1. To save yourself time, money, and grief, cut to the chase and hire a professional.
  2. Review portfolios and check references before you choose your developer. Have a long conversation with him (in person if he's in your town) and ask a lot of questions before you sign a contract. Look for someone you feel comfortable with — it's a symbiotic relationship — and who both listens to you and explains things clearly.
  3. Have a budget in mind and let your developer know what it is. If you have a tight budget, she can usually recommend some cost-effective options for features you want on your site.
  4. Ask for the terms of the project in writing and sign an official contract.
  5. Be prepared to move forward with site development once you hire someone, and stay involved in the process, submitting content in a timely manner and giving feedback on a regular basis.
Q: What should a person interested in working with you bring to the 'initial interview'?

A person should bring questions… lots of questions! All I really need to know in order to bid on a project is the final number of pages the site will need. In an initial meeting, though, it's helpful for me to have a dialog with the client about her vision for the site — what she wants it to do for her — and anything else about her business that she wants to share with me. Such dialog up front helps me to get a feel for new clients as people and to understand their needs, priorities, and expectations.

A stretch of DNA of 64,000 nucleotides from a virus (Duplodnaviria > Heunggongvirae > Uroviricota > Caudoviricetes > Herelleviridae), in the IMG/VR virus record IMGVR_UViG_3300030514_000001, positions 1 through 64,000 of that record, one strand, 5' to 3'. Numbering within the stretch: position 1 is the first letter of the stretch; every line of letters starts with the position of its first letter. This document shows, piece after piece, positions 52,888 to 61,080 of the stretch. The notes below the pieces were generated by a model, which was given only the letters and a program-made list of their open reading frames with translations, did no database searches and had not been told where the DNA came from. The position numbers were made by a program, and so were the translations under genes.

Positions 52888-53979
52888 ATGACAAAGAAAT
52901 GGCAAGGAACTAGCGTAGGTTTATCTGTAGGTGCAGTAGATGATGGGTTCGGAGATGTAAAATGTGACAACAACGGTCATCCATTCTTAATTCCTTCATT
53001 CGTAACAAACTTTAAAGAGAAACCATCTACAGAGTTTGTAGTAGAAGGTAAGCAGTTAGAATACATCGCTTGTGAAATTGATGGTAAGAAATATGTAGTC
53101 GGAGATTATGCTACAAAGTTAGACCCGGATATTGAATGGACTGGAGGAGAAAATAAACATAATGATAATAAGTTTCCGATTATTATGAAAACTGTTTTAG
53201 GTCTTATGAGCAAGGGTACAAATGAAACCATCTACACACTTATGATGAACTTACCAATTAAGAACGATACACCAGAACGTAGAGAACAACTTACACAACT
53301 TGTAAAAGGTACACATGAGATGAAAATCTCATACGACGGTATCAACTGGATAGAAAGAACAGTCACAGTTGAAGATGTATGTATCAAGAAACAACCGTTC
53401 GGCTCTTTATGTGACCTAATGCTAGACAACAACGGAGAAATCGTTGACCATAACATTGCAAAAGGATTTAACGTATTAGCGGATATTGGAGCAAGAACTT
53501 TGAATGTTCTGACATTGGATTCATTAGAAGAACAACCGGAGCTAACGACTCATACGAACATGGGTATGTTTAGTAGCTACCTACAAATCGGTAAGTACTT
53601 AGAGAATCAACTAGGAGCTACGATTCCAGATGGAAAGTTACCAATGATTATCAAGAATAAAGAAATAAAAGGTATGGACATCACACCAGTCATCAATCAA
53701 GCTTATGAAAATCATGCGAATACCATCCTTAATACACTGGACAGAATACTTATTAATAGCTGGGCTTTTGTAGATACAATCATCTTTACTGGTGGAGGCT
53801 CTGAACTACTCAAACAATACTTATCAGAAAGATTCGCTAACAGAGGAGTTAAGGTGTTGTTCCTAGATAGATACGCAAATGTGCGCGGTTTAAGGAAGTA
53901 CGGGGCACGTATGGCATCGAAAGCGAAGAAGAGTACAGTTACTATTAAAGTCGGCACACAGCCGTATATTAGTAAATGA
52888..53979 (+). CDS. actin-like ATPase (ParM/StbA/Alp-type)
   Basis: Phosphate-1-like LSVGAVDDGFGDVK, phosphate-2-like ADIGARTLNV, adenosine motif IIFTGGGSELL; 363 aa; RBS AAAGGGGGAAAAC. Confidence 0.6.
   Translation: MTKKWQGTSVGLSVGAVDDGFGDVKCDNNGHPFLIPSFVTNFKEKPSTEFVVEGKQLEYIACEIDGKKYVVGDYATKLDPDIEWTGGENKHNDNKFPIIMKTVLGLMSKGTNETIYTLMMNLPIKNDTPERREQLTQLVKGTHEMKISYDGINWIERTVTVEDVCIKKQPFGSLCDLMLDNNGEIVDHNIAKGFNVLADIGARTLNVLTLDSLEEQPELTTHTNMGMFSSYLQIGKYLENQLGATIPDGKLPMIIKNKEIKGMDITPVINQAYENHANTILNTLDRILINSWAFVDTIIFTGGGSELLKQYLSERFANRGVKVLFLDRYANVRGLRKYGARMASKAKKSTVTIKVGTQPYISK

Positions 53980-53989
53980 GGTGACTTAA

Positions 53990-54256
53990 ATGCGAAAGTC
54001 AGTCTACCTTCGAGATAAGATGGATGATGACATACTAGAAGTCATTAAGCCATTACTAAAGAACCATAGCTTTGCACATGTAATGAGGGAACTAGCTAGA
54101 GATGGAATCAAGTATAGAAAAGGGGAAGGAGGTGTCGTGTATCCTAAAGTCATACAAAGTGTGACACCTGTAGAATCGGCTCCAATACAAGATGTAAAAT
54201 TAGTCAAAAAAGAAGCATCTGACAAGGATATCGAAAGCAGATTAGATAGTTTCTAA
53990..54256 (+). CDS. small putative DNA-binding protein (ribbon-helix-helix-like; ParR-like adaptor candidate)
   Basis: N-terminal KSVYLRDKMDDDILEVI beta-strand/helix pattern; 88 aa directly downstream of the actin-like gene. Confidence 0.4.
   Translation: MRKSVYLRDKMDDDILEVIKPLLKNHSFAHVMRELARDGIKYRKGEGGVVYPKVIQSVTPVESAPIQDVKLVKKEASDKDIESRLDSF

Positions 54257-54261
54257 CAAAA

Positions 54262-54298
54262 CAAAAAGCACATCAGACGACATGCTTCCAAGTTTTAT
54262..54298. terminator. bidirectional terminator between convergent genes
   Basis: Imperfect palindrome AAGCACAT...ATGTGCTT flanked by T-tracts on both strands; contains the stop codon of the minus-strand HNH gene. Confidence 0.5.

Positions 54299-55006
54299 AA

Q: What are the Top Five DON’T points for working with a web developer?
  1. I think the worst mistake a company can make is failure to communicate with their web developer. This almost always guarantees they will get less than they could have for their investment. The more a client is involved, giving feedback and submitting content, the better the outcome will be.
  2. On the other hand, it's a mistake for clients to try to design their site "through" me. They're paying me to do that so they don't have to; they need to step back and relax and let me earn my money.
  3. Also, don't assume that a web developer is willing to build six versions of the same site and let you pick one. Trust me; she won't be.
  4. Don't try to put every bit of information you can think of on your web site.
  5. And a little text goes a long way. To paraphrase Dorothy Parker, brevity is the soul of Web text.
Q: What are the biggest mistakes made by people who set up their own web sites?